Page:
IBM's New Chips Act Like Your Brain

They think on the fly, like you

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    NEWSLETTERS

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    Can a computer simulate your brain?

    I'm a little nervous writing this, because if it's sub-par, there will soon be a computer that can do it instead.

    IBM says it has computer chips that - like many of our favorite science fiction movies - can act like your brain.  Big Blue, operating out of its Silicon Valley-based Almaden research Center, says its new chips can adjust how they operate, based on new information coming to them.  Very much, apparently, like what we do when faced with new things.

    It all sounds a bit scary, but IBM's project head, Dharmendra Modha, says the goal is actually to reverse engineer the brain to do what our brains can do - sort of like taking a new gadget apart to build something, well, a little bit better.  The chips sort of replicate what's going on inside the brain (synapses, etc - the chip is even called syNAPSE), so that the computers can act like we do.

    Before you scoff, remember that IBM recently upgraded its "Deep Blue" chess-playing computer as "Watson," and smoked some very smart humans on Jeopardy.  IBM admits the new chips can't change themselves physically, but instead adjust on the fly to new information.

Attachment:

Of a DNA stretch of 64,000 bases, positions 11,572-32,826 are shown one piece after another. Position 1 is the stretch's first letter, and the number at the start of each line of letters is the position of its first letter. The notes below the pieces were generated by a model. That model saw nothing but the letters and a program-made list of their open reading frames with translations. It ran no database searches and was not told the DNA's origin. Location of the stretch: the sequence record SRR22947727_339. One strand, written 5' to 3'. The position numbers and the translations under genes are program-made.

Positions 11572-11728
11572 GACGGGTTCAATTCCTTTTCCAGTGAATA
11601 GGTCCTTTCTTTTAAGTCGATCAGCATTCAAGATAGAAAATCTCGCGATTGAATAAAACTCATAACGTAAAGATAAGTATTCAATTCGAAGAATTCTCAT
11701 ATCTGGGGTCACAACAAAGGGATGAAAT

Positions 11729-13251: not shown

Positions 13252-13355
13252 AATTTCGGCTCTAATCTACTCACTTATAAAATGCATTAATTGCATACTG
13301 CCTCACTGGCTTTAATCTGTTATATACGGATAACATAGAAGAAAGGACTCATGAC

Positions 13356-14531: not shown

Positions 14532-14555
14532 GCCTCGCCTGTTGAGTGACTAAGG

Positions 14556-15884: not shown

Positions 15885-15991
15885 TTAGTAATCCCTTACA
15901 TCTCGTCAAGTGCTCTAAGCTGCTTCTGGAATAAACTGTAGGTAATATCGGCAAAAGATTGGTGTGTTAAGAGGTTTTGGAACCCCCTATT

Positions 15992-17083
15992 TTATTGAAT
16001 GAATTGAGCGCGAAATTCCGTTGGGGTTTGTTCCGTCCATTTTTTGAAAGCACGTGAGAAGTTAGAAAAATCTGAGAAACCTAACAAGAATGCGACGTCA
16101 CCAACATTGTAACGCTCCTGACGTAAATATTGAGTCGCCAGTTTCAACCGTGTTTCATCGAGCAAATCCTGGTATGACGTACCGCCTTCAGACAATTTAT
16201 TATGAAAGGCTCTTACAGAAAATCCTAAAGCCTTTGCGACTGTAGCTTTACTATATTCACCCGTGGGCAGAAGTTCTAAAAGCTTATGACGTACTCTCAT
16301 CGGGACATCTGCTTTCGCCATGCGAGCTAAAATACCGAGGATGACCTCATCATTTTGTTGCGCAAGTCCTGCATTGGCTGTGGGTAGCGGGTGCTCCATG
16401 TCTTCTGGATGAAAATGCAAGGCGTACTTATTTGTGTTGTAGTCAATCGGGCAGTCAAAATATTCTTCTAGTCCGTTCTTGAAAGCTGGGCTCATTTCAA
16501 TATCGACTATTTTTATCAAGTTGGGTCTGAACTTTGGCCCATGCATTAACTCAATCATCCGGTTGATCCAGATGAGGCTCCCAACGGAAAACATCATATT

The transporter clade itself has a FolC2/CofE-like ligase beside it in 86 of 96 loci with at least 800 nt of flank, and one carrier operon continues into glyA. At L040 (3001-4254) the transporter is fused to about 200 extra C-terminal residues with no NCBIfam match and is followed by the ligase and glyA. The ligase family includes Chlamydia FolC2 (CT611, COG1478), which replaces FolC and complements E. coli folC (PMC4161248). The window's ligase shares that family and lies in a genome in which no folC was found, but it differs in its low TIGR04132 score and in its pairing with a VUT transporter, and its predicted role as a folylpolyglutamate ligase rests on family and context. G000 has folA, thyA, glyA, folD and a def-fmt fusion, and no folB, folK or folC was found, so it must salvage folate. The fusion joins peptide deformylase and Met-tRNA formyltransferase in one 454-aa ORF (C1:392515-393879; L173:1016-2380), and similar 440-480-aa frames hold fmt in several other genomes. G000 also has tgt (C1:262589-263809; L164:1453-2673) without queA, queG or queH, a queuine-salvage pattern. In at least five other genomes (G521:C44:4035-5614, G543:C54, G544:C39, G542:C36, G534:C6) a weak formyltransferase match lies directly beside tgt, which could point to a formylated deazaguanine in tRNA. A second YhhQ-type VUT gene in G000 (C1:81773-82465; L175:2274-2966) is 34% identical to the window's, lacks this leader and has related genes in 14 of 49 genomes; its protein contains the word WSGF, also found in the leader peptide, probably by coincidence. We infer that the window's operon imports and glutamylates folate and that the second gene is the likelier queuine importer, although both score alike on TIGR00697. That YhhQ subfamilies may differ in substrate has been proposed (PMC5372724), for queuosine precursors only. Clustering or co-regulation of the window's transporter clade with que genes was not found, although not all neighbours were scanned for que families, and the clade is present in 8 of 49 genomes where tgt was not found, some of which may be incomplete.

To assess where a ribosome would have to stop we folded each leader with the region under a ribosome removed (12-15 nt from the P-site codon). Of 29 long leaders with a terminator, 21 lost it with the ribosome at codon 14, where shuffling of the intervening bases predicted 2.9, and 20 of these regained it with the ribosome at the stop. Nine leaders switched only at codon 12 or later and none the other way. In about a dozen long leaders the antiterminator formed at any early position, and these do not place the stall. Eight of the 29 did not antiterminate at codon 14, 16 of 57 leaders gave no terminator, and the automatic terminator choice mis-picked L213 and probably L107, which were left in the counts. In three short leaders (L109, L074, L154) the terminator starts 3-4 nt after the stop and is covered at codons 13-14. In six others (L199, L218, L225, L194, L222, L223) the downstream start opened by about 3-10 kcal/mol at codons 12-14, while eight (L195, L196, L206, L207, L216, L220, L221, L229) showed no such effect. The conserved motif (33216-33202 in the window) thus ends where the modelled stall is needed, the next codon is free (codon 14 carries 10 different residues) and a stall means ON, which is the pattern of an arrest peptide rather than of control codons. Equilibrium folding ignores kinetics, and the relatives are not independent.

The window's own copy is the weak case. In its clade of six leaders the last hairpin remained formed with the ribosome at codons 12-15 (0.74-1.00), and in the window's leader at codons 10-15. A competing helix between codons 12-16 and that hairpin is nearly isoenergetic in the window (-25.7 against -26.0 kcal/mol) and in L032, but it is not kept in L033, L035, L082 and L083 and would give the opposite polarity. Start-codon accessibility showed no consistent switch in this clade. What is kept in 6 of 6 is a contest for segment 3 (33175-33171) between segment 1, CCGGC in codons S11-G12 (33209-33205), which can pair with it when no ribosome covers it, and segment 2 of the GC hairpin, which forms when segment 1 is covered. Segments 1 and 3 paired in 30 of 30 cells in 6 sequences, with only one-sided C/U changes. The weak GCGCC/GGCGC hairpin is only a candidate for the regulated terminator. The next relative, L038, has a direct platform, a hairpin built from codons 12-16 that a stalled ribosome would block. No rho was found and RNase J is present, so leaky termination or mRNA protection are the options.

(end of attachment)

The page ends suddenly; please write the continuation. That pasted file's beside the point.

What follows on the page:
Obviously, this brings up scary scenarios - we've all ready Stephen King (and many other writers) novels where people get chased by washing machines (and many other mechanical things) - but it also may lead to a day when our computers can feel frustration at, say, slow re-boot times, and might be able to adjust its performance.

    Who knows?  We all get frustrated with mechanical objects, largely because they can't seem to learn.  Soon, that may change.  Will we welcome our new computer overlords?

    Scott isn’t very brainy, but he is on Twitter:   @scottbudman